(JTA) — Leading up to its New York City conference, the Jerusalem Post tried to avoid the anti-government protests that had bedeviled other recent gatherings where Israeli government officials had spoken.
And until 3 p.m., it appeared the Israeli newspaper’s efforts had succeeded.
Protest organizers told the Jewish Telegraphic Agency that the conference had canceled 20 to 30 tickets that protesters had bought. A demonstration outside the conference, which took place in Manhattan on Monday, had dissipated by mid-morning.
At one point, four security guards on the sidewalk manhandled a protester who tried and failed to enter the atrium. But inside, for most of the day, all passed quietly. Israeli right-wing government ministers who had been heckled at other events appeared onstage without interruption. The biggest distraction in the room was a constant hum of chatter among the attendees.
But in the mid-afternoon, as Israeli Economy Minister Nir Barkat took the stage to discuss government action to encourage entrepreneurship, the familiar Hebrew chants of “Shame! Shame!” echoed in the room, disrupting his remarks, and a group of protesters were escorted out.
“What violence, what did we do?” said Shany Granot-Lubaton, a local protest organizer who was barred from entering. “Barkat can’t take it that we’re heckling him? We can heckle him. Keep talking, we’re all adults. We’re allowed to express our opinion.”
The ejection was a kind of coda to a week in which protesters in New York and elsewhere, many of them Israeli expatriates like Granot-Lubaton, have tried to meet and disrupt Israeli cabinet ministers wherever they were — at meetings with Jewish organizations, speaking in synagogues, at a parade on Sunday or walking on the public sidewalks. Videos of the disruptions circulated online. The ministers who were the targets of the protests decried being hounded, and the demonstrators said they were exercising their right to free speech.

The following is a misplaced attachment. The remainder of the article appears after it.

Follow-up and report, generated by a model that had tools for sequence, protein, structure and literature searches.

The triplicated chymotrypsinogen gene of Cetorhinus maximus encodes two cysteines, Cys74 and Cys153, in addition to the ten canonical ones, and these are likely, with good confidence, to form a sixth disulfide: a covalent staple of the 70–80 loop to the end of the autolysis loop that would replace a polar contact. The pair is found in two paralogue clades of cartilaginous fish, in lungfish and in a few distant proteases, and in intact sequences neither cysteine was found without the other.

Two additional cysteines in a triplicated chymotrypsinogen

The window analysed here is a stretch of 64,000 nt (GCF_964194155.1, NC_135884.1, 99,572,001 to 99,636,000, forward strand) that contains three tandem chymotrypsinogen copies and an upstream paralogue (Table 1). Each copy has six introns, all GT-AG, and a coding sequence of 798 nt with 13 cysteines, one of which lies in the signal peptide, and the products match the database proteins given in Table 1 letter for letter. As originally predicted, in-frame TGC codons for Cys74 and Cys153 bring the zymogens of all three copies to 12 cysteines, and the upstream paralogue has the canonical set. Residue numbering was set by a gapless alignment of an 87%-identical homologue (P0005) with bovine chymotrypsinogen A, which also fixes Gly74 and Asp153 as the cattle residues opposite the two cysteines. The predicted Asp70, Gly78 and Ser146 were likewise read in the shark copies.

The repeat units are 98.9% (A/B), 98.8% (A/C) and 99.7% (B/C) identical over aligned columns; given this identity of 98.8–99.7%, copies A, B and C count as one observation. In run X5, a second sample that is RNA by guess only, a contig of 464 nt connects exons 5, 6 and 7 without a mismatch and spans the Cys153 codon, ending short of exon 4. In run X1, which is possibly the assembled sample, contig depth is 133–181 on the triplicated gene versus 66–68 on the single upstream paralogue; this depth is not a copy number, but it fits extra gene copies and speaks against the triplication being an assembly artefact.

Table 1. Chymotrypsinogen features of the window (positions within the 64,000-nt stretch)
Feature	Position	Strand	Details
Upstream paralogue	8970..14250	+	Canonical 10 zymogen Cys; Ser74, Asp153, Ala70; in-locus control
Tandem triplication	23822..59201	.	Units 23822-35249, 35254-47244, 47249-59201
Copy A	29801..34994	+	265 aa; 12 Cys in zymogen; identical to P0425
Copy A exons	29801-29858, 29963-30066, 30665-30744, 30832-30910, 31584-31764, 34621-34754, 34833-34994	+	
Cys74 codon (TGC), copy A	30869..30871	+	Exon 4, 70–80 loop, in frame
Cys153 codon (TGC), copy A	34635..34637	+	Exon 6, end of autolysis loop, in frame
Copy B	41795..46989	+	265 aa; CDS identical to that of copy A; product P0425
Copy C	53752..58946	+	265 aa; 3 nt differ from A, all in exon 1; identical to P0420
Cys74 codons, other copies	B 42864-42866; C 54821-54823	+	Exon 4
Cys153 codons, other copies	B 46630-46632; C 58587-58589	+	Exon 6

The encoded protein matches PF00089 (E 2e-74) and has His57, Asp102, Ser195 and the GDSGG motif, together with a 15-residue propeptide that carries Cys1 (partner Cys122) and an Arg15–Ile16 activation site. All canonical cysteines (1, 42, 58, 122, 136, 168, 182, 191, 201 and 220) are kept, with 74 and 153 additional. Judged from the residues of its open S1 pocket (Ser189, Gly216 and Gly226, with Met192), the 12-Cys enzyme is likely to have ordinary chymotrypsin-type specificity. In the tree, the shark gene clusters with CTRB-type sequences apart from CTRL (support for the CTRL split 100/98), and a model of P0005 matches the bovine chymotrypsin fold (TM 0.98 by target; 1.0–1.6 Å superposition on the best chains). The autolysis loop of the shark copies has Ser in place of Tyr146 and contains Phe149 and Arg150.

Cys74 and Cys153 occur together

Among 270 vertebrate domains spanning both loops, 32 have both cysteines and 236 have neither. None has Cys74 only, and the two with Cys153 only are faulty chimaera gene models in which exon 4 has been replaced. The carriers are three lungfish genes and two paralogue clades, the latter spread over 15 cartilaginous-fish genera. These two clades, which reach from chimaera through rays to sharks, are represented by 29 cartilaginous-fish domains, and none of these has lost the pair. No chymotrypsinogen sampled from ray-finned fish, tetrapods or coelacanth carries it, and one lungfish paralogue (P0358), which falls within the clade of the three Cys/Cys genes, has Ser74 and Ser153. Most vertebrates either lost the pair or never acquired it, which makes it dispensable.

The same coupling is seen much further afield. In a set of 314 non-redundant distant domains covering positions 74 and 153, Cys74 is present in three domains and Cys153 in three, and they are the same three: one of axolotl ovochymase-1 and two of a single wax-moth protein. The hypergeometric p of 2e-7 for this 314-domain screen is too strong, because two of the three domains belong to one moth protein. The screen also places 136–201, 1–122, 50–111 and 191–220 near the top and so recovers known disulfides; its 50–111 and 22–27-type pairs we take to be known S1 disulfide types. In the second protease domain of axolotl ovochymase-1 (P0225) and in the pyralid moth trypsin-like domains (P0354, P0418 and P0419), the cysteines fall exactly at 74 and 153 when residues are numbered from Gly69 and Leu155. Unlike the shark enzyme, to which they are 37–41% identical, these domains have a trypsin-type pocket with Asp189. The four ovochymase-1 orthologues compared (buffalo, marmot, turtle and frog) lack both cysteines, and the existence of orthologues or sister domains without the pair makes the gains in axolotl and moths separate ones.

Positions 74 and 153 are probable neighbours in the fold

In one instance in Los Angeles, in the face of the protesters, an Israeli cabinet member canceled a speech. On Friday night, a leading architect of the Israeli government’s effort to weaken the judiciary grabbed a protester’s megaphone in New York City and rushed away before handing it back.
On Sunday, Amichai Chikli, Israel’s minister of Diaspora affairs, was photographed making what looked like an obscene gesture while grinning at protesters at the Celebrate Israel Parade. He and a spokesperson insisted that he was telling the protesters to smile, but that only one finger was raised toward his mouth because he was clutching an Israeli flag with the others.
— Jacob N. Kornbluh (@jacobkornbluh) June 4, 2023
Speaking onstage on Monday, Chikli seemed to allude to the incident. “Amazing experience, good music, good vibes, and we made sure everyone smiled,” Chikli said about the parade.
The conference organized by the Jerusalem Post was intended to provide a substantive forum to discuss contemporary Israel as a complement to the celebratory parade. The Jerusalem Post, which is a syndication client of the Jewish Telegraphic Agency’s wire service, did not respond to a request for comment about its approach toward protesters.